- A delayed-type hypersensitivity reaction to infectious agents, medications, or malignancies, or in the setting of autoimmune disorders, presenting as a subcutaneous panniculitis
- Clinical pattern of multiple, bilateral, erythematous, tender subcutaneous nodules that undergo a characteristic pattern of color changes, similar to that seen in bruises. Unlike erythema induratum, the lesions of erythema nodosum do not typically ulcerate.
- Occurs most commonly on the shins, less commonly on the thighs and forearms
- May be accompanied by fever and arthralgias
- Often idiopathic but may be associated with a number of clinical entities
- Usually remits spontaneously in weeks to months without scarring or atrophy
- Synonym(s): Dermatitis contusiformis
May have repeat outbreaks during pregnancy
- Predominant age: 20–30 years
- Predominant sex: Female > Male (3:1).
Varies geographically depending on the prevalence of disorders associated with erythema nodosum
- Idiopathic: 37–60%
- Bacterial: Streptococcal infections (most common cause in children), tuberculosis, leprosy, tularemia, gonorrhea, Yersinia enterocolitica,Campylobacter, Salmonella, Shigella
- Drugs: Sulfonamides, amoxicillin, oral contraceptives, bromides
- Fungal: Dermatophytes, coccidioidomycosis, histoplasmosis, blastomycosis
- Viral/chlamydial: Infectious mononucleosis, lymphogranuloma venereum, paravaccinia
- Enteropathies: Ulcerative colitis, Crohn disease, Behçet disease (1), celiac disease (2)
- Malignancies: Lymphoma/leukemia, sarcoma, after radiation therapy
Commonly Associated Conditions
- Increasingly tender and aching nodules on the legs, usually over the shins.
- Fever, malaise, chills, fatigue
- Eruptions often preceded by symptoms of pharyngitis or upper respiratory infection
- Initially warm, tender, brightly erythematous nodules, which may be raised, on anterior shins; lesions become bluish and fluctuant, gradually fading to yellowish, resembling a bruise.
- May occur on any area with subcutaneous fat
- Diameter usually 2–6 cm, but may rarely be larger
Diagnostic Tests & Interpretation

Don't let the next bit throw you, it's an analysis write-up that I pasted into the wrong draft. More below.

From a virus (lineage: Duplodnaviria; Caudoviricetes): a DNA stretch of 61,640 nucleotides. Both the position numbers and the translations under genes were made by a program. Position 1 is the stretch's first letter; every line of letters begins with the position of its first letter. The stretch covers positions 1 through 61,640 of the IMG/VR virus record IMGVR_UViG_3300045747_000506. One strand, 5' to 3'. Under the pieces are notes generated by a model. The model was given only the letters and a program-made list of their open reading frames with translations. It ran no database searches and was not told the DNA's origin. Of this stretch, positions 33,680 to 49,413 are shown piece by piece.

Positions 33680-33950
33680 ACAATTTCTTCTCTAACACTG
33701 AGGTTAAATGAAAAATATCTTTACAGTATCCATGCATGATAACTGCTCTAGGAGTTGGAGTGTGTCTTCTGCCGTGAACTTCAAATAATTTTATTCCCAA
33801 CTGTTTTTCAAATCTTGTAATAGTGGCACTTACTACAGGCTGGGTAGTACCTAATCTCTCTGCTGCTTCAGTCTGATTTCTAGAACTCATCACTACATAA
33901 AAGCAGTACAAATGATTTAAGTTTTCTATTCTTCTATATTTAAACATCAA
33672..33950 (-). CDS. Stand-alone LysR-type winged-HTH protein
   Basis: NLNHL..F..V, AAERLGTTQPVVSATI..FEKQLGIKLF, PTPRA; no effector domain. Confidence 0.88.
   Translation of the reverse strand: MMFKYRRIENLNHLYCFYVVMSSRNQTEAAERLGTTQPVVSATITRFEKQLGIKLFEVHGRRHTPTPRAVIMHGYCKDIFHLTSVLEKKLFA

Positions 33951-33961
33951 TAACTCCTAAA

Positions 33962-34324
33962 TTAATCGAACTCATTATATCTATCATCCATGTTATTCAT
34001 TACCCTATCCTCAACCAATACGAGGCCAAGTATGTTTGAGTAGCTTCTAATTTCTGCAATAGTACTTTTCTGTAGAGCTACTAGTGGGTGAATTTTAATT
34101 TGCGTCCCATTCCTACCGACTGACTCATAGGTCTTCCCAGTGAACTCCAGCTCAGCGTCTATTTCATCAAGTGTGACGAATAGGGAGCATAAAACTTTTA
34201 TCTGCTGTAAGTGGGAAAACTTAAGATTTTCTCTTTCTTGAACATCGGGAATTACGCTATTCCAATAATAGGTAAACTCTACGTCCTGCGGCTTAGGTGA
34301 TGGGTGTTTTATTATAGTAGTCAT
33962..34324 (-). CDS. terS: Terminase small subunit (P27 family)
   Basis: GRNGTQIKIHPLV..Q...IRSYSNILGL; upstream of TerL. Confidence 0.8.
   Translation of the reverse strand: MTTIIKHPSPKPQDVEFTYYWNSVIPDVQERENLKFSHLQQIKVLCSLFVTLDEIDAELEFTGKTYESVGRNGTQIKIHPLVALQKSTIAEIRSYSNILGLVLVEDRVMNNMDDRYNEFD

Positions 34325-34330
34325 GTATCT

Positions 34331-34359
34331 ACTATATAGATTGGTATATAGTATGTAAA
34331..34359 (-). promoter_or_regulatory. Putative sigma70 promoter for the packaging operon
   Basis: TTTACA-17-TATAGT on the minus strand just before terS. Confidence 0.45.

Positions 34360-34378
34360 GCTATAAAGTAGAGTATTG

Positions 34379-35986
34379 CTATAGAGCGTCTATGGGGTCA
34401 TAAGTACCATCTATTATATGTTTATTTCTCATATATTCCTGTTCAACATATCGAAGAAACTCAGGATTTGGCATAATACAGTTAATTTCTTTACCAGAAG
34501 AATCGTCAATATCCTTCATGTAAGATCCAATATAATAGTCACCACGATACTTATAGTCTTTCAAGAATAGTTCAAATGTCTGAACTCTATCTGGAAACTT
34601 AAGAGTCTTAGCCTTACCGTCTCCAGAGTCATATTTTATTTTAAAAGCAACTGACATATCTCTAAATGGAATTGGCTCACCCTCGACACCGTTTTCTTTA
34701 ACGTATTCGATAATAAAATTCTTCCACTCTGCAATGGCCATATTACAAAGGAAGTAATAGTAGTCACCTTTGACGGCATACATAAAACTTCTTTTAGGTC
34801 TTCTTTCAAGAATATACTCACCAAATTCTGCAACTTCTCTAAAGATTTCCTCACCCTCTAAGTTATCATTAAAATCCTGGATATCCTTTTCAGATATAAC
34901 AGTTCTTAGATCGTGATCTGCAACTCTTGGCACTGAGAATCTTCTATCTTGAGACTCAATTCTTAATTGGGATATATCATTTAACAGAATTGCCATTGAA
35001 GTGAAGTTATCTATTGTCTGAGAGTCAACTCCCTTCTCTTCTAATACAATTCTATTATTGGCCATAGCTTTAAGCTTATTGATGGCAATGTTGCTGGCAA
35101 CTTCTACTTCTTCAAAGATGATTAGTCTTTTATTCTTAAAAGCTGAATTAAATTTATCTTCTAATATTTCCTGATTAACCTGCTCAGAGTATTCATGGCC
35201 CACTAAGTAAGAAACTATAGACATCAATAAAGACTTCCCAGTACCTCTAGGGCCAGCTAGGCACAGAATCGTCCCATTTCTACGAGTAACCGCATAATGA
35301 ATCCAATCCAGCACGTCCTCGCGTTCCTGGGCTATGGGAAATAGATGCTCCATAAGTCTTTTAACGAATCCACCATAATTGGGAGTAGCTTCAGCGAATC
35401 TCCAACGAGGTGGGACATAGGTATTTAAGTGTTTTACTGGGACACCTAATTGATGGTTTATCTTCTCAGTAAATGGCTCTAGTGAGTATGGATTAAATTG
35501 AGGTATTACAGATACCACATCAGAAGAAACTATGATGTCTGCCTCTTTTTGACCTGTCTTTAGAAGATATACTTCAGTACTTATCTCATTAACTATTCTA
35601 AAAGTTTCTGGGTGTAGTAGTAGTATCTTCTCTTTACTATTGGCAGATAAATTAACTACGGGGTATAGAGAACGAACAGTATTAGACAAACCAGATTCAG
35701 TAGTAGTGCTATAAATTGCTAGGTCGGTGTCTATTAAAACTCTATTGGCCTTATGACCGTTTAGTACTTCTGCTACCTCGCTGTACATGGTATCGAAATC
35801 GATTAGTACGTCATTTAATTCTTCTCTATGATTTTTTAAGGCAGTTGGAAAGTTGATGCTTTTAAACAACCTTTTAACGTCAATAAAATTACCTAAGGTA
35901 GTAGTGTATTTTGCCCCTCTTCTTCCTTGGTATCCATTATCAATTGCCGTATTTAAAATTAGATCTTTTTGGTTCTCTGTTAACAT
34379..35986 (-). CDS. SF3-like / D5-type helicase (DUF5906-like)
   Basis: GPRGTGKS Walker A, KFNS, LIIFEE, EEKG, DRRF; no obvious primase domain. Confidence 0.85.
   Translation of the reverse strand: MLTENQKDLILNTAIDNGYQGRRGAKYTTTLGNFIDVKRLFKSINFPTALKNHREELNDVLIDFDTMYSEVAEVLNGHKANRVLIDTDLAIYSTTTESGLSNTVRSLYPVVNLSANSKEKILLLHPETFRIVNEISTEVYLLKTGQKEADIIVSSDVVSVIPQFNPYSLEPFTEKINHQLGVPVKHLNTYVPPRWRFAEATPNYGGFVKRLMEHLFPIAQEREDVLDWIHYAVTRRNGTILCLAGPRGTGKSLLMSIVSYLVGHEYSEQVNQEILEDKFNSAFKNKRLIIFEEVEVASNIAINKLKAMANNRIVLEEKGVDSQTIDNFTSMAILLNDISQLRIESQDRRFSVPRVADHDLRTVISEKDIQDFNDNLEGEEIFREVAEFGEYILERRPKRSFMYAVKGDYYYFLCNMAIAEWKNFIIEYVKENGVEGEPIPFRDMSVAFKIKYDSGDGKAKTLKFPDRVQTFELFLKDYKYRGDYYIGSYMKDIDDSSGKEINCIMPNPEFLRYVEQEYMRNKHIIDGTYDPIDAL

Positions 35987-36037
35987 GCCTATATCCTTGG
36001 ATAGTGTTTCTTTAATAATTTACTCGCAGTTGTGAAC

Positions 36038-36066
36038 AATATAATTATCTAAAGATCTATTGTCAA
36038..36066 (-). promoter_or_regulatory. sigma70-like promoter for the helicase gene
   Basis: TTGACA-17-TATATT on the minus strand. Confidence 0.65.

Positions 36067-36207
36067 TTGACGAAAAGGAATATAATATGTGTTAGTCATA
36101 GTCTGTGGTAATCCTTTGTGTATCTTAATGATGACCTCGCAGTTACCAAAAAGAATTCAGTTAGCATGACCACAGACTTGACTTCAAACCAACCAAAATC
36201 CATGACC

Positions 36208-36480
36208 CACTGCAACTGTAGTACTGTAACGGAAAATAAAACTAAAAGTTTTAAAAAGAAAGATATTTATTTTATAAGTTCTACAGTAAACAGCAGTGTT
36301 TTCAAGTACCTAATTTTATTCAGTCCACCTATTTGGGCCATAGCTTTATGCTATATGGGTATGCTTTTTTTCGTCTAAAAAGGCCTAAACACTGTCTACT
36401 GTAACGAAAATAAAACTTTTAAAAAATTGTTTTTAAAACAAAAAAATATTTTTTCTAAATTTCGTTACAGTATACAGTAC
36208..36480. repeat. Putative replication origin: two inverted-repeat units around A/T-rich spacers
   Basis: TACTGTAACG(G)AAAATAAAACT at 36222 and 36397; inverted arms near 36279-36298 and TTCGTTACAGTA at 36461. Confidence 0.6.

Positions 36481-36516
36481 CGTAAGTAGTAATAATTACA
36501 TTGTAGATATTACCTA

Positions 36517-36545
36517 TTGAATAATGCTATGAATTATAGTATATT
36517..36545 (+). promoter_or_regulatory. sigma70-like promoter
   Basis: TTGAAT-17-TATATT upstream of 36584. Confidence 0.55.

Diagnosis is usually clinical.
- Erythrocyte sedimentation rate (ESR). May be elevated or normal.
- Complete blood count (CBC): Mild leukocytosis
- Antistreptolysin titers may be elevated.
- Throat culture (usually negative because the infection typically resolves before lesions appear)
- Stool culture and leukocytes, if indicated
- Skin testing for mycobacteria, if indicated
- Drugs that may alter lab results: Antecedent antibiotics may affect cultures.
CXR for hilar adenopathy or infiltrates related to sarcoidosis or tuberculosis
Deep incisional skin biopsy including subcutaneous fat; rarely necessary except in atypical cases with ulceration, duration greater than 12 weeks or a presentation that does not include skin lesions.
- Septal panniculitis without vasculitis.
- Neutrophilic infiltrate in septa of fat tissue early in course.
- Actinic radial (Miescher’s) granulomas, consisting of collections of histocytes around a central stellate cleft, may be seen (3).
- Fibrosis, paraseptal granulation tissue, lymphocytes, and multinucleated giant cells predominate late in course.
- Nodular vasculitis or erythema induratum (warm ulcerating calf nodules)
- Superficial thrombophlebitis
- Septic emboli
- Weber-Christian disease (violaceous, scarring nodules)
- Lupus panniculitis
- Cutaneous polyarteritis nodosa
- Sarcoidal granulomas
- Cutaneous T-cell lymphoma
- Erythema nodosum leprosum (clinically similar to EN but shows vasculitis on histopathology)
All medications listed as treatment for erythema nodosum are off-label uses of the medications. There are no FDA-approved medications for erythema nodosum.
- Medication usually more effective in acute than in chronic disease
- Condition often self-limited
- Nonsteroidal anti-inflammatory drugs (NSAIDs):